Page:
In project management, there are tradeoffs between meeting an earlier deadline through schedule compression and keeping costs down.
Schedule compression is a technique used in project management to create output faster without changing the actual scope of a project. Sometimes, there is a tangible benefit to significantly shortening the project timeline. For example, this might be the case when:
- A competitor is preparing to release a similar product or concept and your company wants to be first on the market
- Anticipated changes in economic landscape, political climate or environmental conditions are likely to derail the project unless it is completed ASAP
- A client is offering additional monetary incentive for a rush job
- There are several subsequent, related projects planned which are dependent on the timely completion of the current project
- Your organization is aware of the opportunity to bid on a new, highly lucrative project in the near future but doesn’t have enough resources to handle two projects simultaneously
In these situations, it makes sense to at least consider schedule compression.
One potential approach is referred to as “crashing”. This involves weighing the additional costs associated with doing a rush job with the benefits of meeting the newly proposed deadline. There are both obvious and concealed costs involved in this project management practice. Expedited shipping for any materials used in manufacturing an item might be a readily apparent cost. The risk that the QC department may miss an important quality issue if they are rushed in their work is an example of a potential hidden cost.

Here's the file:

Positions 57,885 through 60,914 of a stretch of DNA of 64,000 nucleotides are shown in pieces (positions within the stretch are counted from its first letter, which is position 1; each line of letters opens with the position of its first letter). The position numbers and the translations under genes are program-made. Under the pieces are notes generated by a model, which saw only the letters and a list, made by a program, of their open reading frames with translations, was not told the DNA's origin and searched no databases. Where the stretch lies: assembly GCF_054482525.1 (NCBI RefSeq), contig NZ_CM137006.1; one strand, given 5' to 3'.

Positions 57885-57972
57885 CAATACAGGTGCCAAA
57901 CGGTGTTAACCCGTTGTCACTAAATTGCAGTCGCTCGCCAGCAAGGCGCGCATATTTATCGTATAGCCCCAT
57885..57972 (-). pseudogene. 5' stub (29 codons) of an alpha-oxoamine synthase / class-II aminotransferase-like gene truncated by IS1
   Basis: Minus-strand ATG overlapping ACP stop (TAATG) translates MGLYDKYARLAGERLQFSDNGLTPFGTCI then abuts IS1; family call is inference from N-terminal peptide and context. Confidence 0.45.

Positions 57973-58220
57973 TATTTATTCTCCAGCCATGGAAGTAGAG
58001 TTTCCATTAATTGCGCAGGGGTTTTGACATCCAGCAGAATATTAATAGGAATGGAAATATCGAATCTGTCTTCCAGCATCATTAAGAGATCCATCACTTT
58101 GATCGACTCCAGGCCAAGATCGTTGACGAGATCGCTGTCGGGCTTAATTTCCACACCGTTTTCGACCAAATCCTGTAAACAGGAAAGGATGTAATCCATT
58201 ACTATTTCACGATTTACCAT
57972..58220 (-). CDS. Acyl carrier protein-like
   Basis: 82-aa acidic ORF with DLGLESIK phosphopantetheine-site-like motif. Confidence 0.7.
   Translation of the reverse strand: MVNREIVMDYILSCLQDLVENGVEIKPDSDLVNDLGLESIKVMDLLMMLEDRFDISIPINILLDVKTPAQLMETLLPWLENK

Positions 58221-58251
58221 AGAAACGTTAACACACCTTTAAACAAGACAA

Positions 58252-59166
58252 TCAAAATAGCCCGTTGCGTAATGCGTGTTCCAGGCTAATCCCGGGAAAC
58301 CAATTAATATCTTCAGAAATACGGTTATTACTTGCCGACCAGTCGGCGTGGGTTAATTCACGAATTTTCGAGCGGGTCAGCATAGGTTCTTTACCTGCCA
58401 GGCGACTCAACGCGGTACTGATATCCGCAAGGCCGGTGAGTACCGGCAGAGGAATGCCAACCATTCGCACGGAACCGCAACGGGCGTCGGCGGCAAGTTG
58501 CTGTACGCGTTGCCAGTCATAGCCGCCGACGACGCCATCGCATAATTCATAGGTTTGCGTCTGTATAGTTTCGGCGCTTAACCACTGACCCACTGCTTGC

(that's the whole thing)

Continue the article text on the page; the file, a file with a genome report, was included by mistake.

The goal of crashing is to determine the perfect balance between shortening the schedule and keeping costs low. Sometimes the tradeoff is simply too costly and the idea of schedule compression must be abandoned entirely. Project managers should tread cautiously when the push for an earlier completion date is not coming from the same people who have the authority to approve increases in cost.
Putting a project on the fast track is another way to achieve a more rapid output. This can sometimes be done when the resources that have already been approved are immediately available to be allocated as needed. This project management approach involves completing multiple phases of a project simultaneously instead of in sequence. Just like parallel processing increases the speed of computing, having several teams working on various work packages at the same time can cut schedule times significantly.
There are risks associated with fast tracking. For example, there is a greater chance of errors when schedule activities are started without the detailed information that would have been available if the team had followed the original project timeline. Mistakes that require work to be redone can end up increasing the time to completion and may negate the whole purpose of the schedule compression effort. The risk management plan should be fully reviewed before fast tracking is attempted.